Should Thames return in 2011? (AP Photo/Peter Morgan)

But what of the incumbent? Another 34-year-old with suspect defense held down the righty bat/fourth outfielder spot last year with mixed results. He certainly couldn’t play the field, but Marcus Thames broke out the boomstick at the right time. He hit .288/.350/.491 with 12 home runs in 237 plate appearances, and his .365 wOBA was just .005 off his career high. Against lefties, though, his numbers dipped. He hit just five home runs in 142 plate appearances and sported a .354 wOBA.

So now, as the Yanks look to fill in the blanks before Spring Training, the question becomes “who would you rather?” After running down these numbers, it might be tempting to lean toward Thames. He was productive against both lefties and righties last year and put up a career year, but his .248/.311/.491 body of work suggest that he’s not in line to do it again. They don’t call ‘em career years for nothing. We also don’t need to know Thames’ -4.3 UZR to know he was a disaster in the outfield. That game against the Red Sox during which he just flat-out dropped a pop-up is good enough for me.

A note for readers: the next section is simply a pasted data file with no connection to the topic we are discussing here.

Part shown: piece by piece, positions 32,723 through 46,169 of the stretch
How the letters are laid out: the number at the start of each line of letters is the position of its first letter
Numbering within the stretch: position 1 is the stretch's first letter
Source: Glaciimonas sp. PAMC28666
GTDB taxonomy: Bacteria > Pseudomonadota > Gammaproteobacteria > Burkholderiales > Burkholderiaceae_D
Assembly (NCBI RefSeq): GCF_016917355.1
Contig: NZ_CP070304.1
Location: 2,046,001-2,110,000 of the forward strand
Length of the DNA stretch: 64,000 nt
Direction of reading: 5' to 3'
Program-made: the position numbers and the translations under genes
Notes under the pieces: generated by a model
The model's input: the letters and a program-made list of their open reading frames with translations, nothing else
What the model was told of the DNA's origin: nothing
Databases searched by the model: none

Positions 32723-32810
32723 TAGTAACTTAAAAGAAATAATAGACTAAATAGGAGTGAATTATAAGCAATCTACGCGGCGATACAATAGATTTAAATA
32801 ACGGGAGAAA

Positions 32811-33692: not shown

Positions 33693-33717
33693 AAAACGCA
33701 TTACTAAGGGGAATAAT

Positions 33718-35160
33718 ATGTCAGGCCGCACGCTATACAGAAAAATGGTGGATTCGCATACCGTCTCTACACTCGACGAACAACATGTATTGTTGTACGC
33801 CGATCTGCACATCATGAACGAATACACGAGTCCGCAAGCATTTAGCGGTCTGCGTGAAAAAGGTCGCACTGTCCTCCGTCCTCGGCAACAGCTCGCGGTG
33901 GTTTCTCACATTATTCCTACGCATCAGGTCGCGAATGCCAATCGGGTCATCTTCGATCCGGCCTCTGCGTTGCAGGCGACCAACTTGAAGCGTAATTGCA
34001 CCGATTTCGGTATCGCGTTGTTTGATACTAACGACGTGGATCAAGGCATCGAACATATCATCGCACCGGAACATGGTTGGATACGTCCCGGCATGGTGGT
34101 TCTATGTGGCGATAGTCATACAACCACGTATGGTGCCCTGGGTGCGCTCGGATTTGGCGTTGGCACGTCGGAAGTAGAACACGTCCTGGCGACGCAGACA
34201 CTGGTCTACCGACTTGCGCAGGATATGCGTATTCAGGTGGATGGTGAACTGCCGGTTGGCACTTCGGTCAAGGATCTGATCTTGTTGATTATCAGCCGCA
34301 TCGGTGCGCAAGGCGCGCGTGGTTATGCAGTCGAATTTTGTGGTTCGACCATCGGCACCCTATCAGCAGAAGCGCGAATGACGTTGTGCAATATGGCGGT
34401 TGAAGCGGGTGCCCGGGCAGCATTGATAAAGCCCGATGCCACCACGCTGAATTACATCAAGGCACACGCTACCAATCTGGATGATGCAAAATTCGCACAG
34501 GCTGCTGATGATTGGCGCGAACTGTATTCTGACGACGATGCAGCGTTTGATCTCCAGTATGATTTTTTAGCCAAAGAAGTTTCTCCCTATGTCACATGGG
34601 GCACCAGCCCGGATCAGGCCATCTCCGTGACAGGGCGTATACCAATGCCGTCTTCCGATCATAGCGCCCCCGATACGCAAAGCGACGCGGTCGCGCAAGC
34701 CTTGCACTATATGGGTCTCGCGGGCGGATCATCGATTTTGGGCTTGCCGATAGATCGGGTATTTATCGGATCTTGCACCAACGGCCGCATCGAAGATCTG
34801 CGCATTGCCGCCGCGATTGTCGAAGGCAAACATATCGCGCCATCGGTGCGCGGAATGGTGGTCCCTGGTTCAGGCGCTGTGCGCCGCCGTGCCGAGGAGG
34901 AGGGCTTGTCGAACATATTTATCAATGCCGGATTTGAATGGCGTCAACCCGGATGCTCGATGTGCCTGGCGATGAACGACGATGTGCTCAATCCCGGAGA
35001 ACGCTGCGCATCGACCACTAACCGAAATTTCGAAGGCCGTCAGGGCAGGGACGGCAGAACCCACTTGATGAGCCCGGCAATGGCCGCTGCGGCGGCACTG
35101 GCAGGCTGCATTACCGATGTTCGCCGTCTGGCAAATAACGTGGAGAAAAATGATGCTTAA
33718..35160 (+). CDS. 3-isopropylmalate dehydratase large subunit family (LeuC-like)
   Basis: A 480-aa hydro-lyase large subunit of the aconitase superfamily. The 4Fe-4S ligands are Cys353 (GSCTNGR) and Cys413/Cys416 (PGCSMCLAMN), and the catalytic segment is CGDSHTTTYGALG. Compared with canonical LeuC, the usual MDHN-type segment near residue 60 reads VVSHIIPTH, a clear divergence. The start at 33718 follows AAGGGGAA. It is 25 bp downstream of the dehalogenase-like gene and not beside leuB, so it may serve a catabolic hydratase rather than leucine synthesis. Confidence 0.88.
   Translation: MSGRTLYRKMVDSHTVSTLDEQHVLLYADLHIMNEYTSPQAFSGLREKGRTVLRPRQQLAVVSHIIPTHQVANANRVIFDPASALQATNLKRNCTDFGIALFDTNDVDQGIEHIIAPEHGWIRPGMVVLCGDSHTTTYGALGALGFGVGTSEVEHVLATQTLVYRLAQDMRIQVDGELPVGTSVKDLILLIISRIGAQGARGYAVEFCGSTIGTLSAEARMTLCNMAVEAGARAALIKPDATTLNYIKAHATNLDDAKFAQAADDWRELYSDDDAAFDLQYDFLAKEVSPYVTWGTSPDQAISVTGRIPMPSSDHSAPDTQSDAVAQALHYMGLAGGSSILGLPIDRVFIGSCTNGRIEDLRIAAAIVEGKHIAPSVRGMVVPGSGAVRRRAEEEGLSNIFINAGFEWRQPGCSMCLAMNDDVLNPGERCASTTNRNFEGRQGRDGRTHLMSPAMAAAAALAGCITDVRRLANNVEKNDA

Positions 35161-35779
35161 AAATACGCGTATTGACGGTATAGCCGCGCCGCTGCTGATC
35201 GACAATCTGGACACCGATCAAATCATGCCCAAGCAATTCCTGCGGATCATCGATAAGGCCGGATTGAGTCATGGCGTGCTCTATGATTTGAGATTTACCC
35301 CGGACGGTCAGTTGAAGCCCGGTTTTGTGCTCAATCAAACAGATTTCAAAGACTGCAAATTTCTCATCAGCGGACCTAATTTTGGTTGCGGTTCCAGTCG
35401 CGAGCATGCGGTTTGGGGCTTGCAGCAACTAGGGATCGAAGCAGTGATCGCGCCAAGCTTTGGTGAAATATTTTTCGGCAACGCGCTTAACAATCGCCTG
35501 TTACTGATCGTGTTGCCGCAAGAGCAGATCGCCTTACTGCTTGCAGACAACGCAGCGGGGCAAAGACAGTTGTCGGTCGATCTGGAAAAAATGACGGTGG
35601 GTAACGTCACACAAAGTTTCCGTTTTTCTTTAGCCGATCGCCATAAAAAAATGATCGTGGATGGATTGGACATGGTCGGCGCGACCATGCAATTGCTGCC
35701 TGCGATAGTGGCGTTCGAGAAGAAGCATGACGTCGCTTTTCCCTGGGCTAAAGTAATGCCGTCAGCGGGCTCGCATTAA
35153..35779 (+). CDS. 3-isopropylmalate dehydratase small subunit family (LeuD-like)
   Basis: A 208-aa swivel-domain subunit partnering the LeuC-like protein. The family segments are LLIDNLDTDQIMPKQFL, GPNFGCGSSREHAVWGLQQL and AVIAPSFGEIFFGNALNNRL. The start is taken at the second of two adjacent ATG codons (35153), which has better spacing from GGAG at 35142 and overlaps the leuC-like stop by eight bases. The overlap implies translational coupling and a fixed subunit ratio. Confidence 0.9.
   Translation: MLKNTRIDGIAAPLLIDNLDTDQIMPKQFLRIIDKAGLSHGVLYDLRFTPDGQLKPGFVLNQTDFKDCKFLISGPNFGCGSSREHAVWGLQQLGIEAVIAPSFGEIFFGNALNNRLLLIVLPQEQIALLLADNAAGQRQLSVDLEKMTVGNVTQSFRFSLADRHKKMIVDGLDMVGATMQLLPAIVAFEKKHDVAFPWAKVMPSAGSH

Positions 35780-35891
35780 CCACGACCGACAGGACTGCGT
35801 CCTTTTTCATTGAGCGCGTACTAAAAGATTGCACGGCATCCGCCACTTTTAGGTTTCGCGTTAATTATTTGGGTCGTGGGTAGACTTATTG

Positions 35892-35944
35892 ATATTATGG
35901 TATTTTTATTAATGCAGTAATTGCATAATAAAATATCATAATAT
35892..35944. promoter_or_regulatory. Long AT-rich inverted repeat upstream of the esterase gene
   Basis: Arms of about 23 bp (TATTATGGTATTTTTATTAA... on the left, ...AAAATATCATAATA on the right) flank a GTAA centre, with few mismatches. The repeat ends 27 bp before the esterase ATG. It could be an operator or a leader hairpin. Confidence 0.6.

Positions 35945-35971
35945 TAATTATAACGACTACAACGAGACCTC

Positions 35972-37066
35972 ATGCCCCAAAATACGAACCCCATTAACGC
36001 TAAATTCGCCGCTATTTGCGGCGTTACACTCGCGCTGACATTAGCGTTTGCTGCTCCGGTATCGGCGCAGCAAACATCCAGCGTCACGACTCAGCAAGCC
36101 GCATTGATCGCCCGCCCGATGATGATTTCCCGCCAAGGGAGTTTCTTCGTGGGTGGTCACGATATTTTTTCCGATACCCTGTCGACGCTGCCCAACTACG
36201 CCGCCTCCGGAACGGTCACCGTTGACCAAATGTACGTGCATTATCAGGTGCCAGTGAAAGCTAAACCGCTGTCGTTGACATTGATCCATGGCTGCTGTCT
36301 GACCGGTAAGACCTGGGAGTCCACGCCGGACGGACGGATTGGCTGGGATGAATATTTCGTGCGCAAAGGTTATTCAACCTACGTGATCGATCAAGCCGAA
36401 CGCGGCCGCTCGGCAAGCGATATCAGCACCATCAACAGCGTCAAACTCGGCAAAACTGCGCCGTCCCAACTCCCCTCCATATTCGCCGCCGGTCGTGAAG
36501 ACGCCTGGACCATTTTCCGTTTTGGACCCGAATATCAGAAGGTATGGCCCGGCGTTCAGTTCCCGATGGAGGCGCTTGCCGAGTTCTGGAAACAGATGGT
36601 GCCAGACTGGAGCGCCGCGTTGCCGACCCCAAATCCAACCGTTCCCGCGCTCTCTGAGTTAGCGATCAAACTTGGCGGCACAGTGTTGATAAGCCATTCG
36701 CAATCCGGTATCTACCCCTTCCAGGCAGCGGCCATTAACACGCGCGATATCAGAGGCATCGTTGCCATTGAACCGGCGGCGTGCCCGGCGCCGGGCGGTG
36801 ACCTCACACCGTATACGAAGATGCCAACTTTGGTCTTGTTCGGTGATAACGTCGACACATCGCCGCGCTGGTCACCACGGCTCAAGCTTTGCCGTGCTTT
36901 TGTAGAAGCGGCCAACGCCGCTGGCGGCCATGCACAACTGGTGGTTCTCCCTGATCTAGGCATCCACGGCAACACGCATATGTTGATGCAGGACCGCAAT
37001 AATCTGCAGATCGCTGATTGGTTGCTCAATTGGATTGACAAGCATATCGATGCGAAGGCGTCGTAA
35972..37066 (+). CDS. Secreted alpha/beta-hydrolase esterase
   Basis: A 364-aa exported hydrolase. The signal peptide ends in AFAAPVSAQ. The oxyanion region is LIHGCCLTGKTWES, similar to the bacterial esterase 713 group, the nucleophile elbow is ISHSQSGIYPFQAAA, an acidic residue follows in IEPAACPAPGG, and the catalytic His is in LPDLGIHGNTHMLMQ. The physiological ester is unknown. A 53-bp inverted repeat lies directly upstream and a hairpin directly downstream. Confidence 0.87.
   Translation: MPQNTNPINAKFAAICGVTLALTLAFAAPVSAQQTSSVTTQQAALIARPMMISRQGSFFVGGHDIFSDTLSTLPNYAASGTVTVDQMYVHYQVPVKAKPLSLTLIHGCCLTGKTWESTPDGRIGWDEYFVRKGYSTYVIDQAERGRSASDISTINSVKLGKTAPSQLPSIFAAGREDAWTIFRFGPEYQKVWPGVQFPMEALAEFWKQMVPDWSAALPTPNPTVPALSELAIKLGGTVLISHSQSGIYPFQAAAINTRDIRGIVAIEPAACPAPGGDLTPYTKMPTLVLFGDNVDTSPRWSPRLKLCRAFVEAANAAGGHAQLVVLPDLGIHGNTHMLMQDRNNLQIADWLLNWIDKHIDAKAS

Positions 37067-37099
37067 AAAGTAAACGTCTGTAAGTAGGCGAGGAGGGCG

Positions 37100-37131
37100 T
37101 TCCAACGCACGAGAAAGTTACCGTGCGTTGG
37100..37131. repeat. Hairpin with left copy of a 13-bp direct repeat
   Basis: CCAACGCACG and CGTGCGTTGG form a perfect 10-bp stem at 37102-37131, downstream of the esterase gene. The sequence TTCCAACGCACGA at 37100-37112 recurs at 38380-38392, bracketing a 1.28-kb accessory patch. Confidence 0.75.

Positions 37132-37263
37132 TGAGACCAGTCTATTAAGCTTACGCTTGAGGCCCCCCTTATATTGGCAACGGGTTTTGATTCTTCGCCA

Perhaps then Jones with his .261/.361/.501 career line against lefties is the Yanks’ man. He can play a passable outfield for a few innings and can still flash the power. But salary demands are a concern. He’ll want way more than the $500,000 he earned in 2010, but Thames will want a raise from the $900,000 he earned. It seems that Jones will be the more expensive sure thing while Thames has the good will of 2010 going for them. With the Yanks’ money to spend, I’d err toward Jones. Would you?

Pick one for 2011
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Yankees unlikely to consider bringing back Thames

Via Buster Olney (Insider req’d), the Yankees are unlikely to consider bringing Marcus Thames back for the 2011 season. With Jorge Posada, a switch-hitter, slotted in as the full-time designated hitter, any right-handed bat off the bench would need to provided defensive flexibility to get playing time. The same logic applies to Manny Ramirez, another long shot signing.

Thames was awesome for the Yanks in 2010, but he’s unlikely to match the carer high (by frickin’ far) .345 BABIP again. His defense is also unusable, so he’s the very definition of a one-dimensional player.  It just doesn’t make sense given the present construction of the team.